SALT LAKE CITY (AP) - A new historical narrative posted by the Mormon church on its website officially acknowledges that some plural marriages were performed following an 1890 ban and that polygamy was widely practiced in the late 19th century.
LOS ANGELES (AP) - Usher says though Justin Bieber had a wild year, people shouldn't count the pop singer out just yet.
TRYING TO SPREAD CHEER, SANTA IN NH SCARES INSTEAD: HOLLIS, N.H. (AP) - Police in southern New Hampshire say a man dressed as Santa Claus was only trying to spread some cheer but ended up panicking officials when he knocked on school windows and entered the building.
MADISON, Wis. (AP) - Wisconsin Gov. Scott Walker signed a bill Thursday that will make it harder to force public schools to drop tribal nicknames, pushing aside opponents' charges that the measure is racist.
NEW YORK (AP) - Can an experimental drug developed to treat epilepsy block the AIDS virus? A preliminary lab study suggests it's possible, and researchers are eager to try it in people.
MIAMI (AP) - A month after pleading guilty to cocaine-possession charges, Republican Rep. Trey Radel of Florida refused to resign Thursday, saying he wants to "rebuild the trust" of voters.
WASHINGTON (AP) - In a sharp and unexpected shift, the national debate over U.S. government surveillance seems to be turning in favor of reining in the National Security Agency's expansive spying powers at home and abroad.
NEW YORK (AP) - New York City lawmakers paved the way Thursday for an eventual ban on plastic foam containers, added electronic cigarettes to the city's already stringent smoking bans and approved the creation of a website that will help the public track federal dollars budgeted for Superstorm Sandy-related damages.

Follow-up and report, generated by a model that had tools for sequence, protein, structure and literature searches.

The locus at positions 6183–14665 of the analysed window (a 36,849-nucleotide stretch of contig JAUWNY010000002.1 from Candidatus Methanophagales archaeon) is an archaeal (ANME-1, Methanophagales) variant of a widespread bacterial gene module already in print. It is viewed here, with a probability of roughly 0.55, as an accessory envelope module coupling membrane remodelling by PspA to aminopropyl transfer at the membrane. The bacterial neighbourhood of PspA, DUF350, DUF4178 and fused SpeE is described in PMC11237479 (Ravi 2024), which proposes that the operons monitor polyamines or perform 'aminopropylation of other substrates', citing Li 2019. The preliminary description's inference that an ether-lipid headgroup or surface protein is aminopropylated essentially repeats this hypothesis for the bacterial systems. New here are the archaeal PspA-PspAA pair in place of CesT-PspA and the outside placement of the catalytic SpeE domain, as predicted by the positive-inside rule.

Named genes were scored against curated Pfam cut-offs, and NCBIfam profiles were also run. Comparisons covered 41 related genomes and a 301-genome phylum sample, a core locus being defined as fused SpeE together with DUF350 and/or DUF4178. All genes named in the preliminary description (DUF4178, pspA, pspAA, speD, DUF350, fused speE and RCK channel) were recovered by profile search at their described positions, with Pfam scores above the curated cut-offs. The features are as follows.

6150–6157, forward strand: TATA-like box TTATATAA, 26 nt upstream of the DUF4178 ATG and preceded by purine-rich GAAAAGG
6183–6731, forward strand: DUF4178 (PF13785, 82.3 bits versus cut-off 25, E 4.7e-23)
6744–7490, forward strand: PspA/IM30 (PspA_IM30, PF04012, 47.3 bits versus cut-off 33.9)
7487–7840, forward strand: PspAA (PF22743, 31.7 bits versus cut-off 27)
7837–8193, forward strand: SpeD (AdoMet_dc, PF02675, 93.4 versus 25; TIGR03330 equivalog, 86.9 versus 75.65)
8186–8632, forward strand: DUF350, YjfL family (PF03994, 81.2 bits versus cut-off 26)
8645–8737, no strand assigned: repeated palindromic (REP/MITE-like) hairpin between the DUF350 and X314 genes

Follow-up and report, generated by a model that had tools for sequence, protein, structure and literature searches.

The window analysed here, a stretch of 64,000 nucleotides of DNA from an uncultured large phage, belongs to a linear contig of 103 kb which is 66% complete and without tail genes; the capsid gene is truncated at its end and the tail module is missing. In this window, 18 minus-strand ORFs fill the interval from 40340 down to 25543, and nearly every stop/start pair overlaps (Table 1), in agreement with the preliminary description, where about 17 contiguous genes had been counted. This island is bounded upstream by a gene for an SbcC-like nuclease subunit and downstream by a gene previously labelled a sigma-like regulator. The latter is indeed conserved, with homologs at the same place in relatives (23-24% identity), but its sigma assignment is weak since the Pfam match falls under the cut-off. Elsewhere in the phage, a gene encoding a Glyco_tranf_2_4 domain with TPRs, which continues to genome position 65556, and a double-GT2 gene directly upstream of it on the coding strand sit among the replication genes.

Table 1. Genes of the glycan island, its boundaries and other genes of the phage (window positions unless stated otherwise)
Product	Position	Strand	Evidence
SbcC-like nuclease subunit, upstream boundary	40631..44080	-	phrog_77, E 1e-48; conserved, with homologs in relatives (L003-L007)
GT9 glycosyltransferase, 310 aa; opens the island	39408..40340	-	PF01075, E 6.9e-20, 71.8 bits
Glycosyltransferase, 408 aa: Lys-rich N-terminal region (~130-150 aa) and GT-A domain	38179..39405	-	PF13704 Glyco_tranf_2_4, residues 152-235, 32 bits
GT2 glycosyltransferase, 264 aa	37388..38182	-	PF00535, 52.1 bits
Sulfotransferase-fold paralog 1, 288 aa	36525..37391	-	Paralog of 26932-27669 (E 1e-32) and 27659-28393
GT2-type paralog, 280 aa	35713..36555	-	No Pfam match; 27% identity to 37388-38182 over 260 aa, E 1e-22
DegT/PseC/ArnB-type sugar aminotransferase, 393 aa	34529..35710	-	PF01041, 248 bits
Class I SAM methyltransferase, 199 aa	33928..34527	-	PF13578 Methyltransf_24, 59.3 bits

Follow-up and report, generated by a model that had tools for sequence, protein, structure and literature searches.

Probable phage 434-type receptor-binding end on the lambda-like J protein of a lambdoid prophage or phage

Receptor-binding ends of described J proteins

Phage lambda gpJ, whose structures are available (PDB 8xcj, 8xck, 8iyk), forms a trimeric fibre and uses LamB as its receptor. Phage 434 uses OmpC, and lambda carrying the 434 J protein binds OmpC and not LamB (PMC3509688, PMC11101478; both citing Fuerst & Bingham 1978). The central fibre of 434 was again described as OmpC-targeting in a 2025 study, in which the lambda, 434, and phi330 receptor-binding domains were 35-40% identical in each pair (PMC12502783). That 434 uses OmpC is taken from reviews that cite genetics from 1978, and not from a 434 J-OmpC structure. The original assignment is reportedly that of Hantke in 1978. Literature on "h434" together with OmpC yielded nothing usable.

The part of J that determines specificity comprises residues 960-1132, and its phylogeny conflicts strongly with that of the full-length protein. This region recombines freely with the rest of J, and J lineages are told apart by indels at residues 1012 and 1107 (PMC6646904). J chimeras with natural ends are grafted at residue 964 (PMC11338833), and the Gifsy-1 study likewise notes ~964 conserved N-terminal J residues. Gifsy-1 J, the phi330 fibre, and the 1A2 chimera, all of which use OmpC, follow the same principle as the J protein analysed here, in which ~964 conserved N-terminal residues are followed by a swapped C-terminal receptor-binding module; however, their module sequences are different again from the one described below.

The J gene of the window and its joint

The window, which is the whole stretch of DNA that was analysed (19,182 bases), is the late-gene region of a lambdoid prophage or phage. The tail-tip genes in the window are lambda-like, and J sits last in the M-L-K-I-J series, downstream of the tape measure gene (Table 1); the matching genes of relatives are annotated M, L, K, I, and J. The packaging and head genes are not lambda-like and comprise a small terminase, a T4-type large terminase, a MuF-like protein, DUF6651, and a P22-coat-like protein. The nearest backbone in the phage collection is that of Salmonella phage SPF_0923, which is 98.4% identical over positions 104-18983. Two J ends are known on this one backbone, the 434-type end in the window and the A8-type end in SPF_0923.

RENO, Nev. (AP) - A suspect in a deadly hospital shooting in Reno left a suicide note at his home and claimed he had botched surgery three years ago before killing a doctor and himself this week, police said Thursday.
CINCINNATI (AP) - An Ohio judge rebuffed an argument Thursday that traffic cameras make law enforcement more efficient, stating sharply that violating motorists' rights isn't the American way.
McALLEN, Texas (AP) - A federal judge in South Texas said in a recent order that the U.S. Department of Homeland Security is assisting in criminal conspiracies to smuggle children into the country when it helps reunite them with parents who are known to be in the U.S. illegally.
WASHINGTON (AP) - President Barack Obama on Thursday commuted the sentences of eight people he said were serving unduly harsh drug sentences in the most expansive use yet of his power to free inmates.
OKLA. MAN PROPOSES TO GIRLFRIEND DURING ARREST: ELK CITY, Okla. (AP) - Talk about a marriage proposal to remember.
SEATTLE (AP) - Figuring out how much marijuana people use has been one of the trickiest, and most important, questions facing the bureaucrats who are setting up Washington state's new legal pot system.
Wildlife advocate pleads guilty to poaching
ALBUQUERQUE, N.M. (AP) - A disgruntled, former Los Alamos National Laboratory scientist promised to build 40 nuclear weapons for Venezuela in 10 years and design a bomb targeted for New York City in exchange for "money and power," according to secret FBI recordings released Wednesday.